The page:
He’s not everyone’s cup of tea but I have always found Charlie Adam to be a straight talker when appearing on BBC Radio 5, as he did on Monday night. Adam reflected on the relegation of his team, Stoke City, and he pointed the finger at some in the dressing room.
Charlie Adam said: “I am embarrassed to be part of this relegation. As a group of players we should hang our heads in shame because that club should never be relegated.”
“A disease creeps in. Seven or eight in a group tried the hardest to make it work. The leadership group had a meeting a few weeks ago. We sensed not everything was right. We tried to sort out the problems in the dressing room. If players don’t want to do what you want, what can we do? We can’t have fisticuffs every day. We try and help people. We try and help the younger guys in the group. There are younger lads in the group making mistakes every day and we try and tell them: ‘it’s wrong what you’re doing’ but they get everything too soon.”
“The biggest problem that you have now is Social Media. Players cheat themselves. When you go home from training you should not be able to go on extra sessions with a fitness coach or personal trainers. You’re conning yourself, you’re conning your club and team mates. Unfortunately that’s the world at this moment and that’s what is happening.”
Adam, who himself was sent off for a rash tackle after just half an hour in a game against Everton when the score was 0-0, acknowledged that he was not without blame.
He said: “Yes, I missed a penalty against Brighton and there are certain things I could be accountable for. But the lack of discipline from certain players has been embarrassing.
“When you come into this country you need to know what it’s like to be in this country. You can’t still think you can do things the way you did in Germany or Spain. You need to try and adapt to the culture we have. It’s a different type of character needed.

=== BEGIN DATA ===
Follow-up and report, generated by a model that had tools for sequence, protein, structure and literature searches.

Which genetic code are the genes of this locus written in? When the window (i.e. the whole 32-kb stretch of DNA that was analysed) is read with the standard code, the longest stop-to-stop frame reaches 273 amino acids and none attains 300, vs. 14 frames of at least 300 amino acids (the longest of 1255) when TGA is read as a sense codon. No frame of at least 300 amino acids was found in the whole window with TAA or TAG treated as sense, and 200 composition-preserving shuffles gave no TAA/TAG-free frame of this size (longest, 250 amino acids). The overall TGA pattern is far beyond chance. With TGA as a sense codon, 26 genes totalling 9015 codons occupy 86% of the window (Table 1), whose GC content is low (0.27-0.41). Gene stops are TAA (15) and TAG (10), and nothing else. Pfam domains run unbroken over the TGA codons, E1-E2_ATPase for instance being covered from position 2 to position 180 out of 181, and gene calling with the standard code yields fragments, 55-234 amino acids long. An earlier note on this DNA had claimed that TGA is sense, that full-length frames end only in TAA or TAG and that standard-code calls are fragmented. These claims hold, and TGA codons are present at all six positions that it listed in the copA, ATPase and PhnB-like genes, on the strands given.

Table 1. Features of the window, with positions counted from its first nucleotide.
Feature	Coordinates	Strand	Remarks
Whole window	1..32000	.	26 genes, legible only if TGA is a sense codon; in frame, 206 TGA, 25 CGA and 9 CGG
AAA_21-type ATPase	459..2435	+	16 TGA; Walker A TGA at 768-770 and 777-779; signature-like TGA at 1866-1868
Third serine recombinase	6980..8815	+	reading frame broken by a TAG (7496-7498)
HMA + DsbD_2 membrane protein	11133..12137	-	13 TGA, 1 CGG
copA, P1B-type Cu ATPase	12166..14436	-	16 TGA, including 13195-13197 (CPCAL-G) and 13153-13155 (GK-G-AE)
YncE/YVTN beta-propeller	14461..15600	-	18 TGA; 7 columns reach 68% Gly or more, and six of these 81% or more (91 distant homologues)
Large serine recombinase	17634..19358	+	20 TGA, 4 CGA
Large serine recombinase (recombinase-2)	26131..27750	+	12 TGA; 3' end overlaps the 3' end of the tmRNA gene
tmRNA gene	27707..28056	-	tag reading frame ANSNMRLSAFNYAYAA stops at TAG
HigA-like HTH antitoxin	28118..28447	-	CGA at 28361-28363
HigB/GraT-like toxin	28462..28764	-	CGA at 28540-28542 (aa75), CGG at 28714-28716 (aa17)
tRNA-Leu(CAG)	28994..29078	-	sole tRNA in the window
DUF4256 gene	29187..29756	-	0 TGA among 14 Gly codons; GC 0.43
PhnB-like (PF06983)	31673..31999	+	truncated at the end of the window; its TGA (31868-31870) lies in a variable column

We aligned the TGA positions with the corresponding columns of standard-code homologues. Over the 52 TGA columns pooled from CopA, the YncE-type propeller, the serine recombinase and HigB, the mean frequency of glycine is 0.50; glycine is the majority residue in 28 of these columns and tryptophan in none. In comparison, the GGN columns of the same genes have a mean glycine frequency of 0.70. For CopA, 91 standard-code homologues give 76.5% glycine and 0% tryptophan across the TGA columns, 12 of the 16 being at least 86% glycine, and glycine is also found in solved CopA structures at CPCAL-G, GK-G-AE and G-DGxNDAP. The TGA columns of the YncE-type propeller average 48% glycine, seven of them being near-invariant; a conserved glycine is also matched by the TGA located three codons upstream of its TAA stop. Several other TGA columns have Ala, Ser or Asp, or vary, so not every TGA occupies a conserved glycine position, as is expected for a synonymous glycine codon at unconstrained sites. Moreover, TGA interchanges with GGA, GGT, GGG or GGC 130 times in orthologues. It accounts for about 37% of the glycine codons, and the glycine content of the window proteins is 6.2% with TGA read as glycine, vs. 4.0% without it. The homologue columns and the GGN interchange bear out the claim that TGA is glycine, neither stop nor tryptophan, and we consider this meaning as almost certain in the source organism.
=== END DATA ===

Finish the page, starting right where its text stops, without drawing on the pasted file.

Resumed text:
“People behind the scenes who have mortgages to pay will lose their jobs and we the players are the ones to blame for that.”
Adam said that when recruiting players a club needs to first investigate the character of the player you intend to buy side is important.
“We as a collective group of twenty five have not been good enough. We’ve not competed. We’ve sat in games that have passed us by. We accepted losing 7-2 at Manchester City. We accepted 4-0 at Tottenham. We accepted five goals against this team, six goals against that team. You shouldn’t be getting beaten by five and six goals.
“You need to do your homework on the right players before they come in. You need the right type of characters coming in. We lost honest professionals such as John Walters. Mark (Hughes) agreed to sell certain players, which is understandable. Players get older. But when you replace them with players that are not the same characters, who don’t understand the team and what the group is, then it’s difficult.”
“Some players have been getting away with murder for a long time. It’s not just one or two. It’s four or five.”
Stoke and England goalkeeper Jack Butland focussed on the recruitment policy at the club and the input, or lack thereof, from some of those players brought to the Potteries.
He said: “There have been transfers that aren’t part of the squad for all kinds of reasons. Too many of the recent investments, and over the years, are unused and that is completely unacceptable. It’s been farcical.”
Stoke City supporters have had their patience stretched to the maximum and heaven knows what sort of side they will be watching next season. Clearly the expensive, lazy players will be sold at a loss, or loaned out and the club may have to pay some of their wages.
Stoke City should create a home grown, younger side and try to build a strong platform so that the club can get back to the Premier League as soon as possible. The parachute payment will help if the money is spent wisely. That has not always been the case in the black country in recent years.
For professional footballers like Charlie Adam at Stoke, and Chris Brunt at West Brom, their best playing days are behind them. They must despair at what they have witnessed in dressing rooms containing players who aren’t actually bothered if they get a game. Just so long as they pick up their hefty wage packet. Stoke and West Brom have recruited far too many players of that ilk.
That, along with some terrible decisions in the boardroom when it came to the hiring and firing managers, is to blame for both clubs being at the wrong end of the Premier League.
As supporters of Sheffield Wednesday and Leeds United will confirm, it can take a long time to get back to the promised land.